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Lupita Nyong'O joins initiative to protect elephants

Xinhua | Updated: 2015-07-02 15:28

Lupita Nyong'O joins initiative to protect elephants

Actress Lupita Nyong'O. [Photo/Agencies]

Kenyan Academy Winning Actress Lupita Nyong'O on Tuesday announced a partnership with conservation group WildAid to raise awareness on elephants' protection.

The 32 year-old Oscar award winner for her role in the movie, 12 years as a slave, vowed to partner with a growing army of conservationists advocating for robust measures to save African elephants.

"I am proud of my Kenyan heritage and part of that heritage is the incredible wildlife haven that is in our care. My appeal to responsible citizens of the world is to help eradicate the current elephant poaching crises in Africa," Nyong'O told journalists in Nairobi.

She joins a list of international celebrities who have enlisted in the campaign to save iconic mammals like elephants and rhinos.

Kenya is home to an estimated 34,000 elephants that roams the east African nation's expansive plains.

Poaching, climate change and human encroachment into elephants habitat stand out as the most potent threat to their survival.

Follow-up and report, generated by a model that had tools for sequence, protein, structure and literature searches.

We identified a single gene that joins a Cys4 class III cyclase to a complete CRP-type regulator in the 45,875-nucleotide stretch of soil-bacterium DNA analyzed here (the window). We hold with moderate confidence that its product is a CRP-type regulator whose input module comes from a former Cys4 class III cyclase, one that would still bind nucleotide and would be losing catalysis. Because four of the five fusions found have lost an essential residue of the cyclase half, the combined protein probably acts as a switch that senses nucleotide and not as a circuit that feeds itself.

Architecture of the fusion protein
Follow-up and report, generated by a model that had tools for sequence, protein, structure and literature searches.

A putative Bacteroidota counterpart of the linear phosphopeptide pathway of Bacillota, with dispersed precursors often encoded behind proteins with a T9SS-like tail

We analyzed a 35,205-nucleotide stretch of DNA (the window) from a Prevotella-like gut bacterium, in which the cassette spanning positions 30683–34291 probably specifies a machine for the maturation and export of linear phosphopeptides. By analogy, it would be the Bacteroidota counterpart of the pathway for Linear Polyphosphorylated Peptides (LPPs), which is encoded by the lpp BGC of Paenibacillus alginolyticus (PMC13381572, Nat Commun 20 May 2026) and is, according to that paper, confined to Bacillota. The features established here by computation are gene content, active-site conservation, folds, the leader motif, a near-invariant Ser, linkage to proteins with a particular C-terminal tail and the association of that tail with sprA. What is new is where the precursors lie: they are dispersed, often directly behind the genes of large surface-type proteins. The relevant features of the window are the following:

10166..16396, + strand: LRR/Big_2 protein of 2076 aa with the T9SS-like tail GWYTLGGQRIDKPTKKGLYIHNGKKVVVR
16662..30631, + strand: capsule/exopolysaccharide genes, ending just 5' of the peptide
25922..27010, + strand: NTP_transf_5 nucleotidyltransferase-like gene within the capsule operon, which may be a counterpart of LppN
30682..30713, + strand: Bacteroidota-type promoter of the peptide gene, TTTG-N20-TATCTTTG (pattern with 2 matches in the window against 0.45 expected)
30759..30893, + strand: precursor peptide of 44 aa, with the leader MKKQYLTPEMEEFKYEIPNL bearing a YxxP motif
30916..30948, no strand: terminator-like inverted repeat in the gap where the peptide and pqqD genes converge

Nyong'O pledged to use her celebrity status to urge governments, multilateral agencies and industry to slap a total ban on ivory trade.

She had earlier spent three days at Amboseli National Park where she met local conservationists to film messages for the global audience.

According to Nyong'O, targeted campaigns, community engagement and law enforcement are key to reduce illegal trade in wildlife products.

"Poaching undermines national security and the livelihood derived from tourism. We need brave and dedicate people to end this vice," Nyong'O said.

A partnership between conservationists and celebrities has boosted campaigns against elephant poaching in Sub-Saharan Africa.

WildAid CEO Peter Knights said celebrities have rallied governments, businesses and ordinary citizens towards wildlife protection.

"We have witnessed a dramatic progress in elephants' conservation due to a vibrant engagement by all stakeholders," Knight said.


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